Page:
1. This site uses cookies. By continuing to use this site, you are agreeing to our use of cookies. Learn More.

when loading 223/556

Discussion in 'Handloading and Reloading' started by cemjr, Feb 19, 2011.

  1. cemjr

    cemjr Well-Known Member

    when, if ever, do you need to use magnum primmers ?
  2. hans471

    hans471 Active Member

    That depends on the brand of primers. With the Wolf primers "Magnums" are the recommended ones. With other brands....??? There is a lot of confusion and misinformation out there about the "dangers" of using magnum primers. Its not a simple subject as the manufactures themselves are not clear on what makes their primers "magnum". Now, Remington has a "small rifle" primer #6-1/2 that they tell you NOT to use in a .223 due to it being thin and not able to handle the pressure. They make a 7-1/2 primer that some books call "magnum" but that they recommend for .223. Go figure. Some say they only use magnum primers. Others say they use them in cold weather. One reference said, "Magnum primers may be helpful for ammunition that will be used in sub-zero weather conditions, but will rarely be necessary for general shooting needs." Note that they didn't say they should be used, they said they would rarely be necessary to ignite the powder.

    I saw some good tests where a guy did all sorts of loads with different primers to compare magnums and regulars. Truth is, there was hardly, if any, differences in velocity between the two. Some will swear that magnums will cause excessive high pressure build up as they ignite the powder much faster. Is that true? Your guess is as good as any.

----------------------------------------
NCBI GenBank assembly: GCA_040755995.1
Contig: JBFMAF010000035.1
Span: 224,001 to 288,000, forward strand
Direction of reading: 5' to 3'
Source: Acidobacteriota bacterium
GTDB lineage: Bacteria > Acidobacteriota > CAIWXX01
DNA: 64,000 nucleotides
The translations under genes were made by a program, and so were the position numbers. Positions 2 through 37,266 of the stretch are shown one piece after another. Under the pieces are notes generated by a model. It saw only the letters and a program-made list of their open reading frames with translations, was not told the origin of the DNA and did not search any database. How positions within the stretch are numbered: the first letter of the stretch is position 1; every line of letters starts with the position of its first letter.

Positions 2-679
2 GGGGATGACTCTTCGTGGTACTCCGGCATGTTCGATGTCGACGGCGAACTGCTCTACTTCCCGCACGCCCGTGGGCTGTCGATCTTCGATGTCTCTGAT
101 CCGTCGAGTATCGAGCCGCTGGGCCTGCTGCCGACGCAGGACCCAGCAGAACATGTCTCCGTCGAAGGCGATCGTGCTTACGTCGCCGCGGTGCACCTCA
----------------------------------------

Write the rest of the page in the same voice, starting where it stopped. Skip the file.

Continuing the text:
If you look at the amount of "fuel" in a primer compared to the amount of powder in a .223 there is a monumental difference in volume between the two. So, its hard to think that the primer can drastically change pressures. I have seen endless debate on this but have never seen any definitive proof one way or the other.

    Do what some of us have done, just do a web search and read countless opinions on this. After reading twenty or so articles you will be more confused than you are now.

    One point that many will make however is, if you start using ANY new component or load, start low and work your way up slowly from there.
  3. PapaG

    PapaG Well-Known Member

    No. No need for magnums for most loads in most calibers. stick with your loading manual recommendations. (I don't even think of them as recommendations, I think of them as law.) Probably why, after several million loads (commercial for 20 years, personal for over 40) I have never had a blowup or a misfire....and I have had a couple of commercial trap loads misfire.
  4. RustyFN

    RustyFN Well-Known Member

    They are recommended with W748 and H335 powders. I use both powders with standard SRP's with no problems and great accuracy.
  5. winchester1886

    winchester1886 Well-Known Member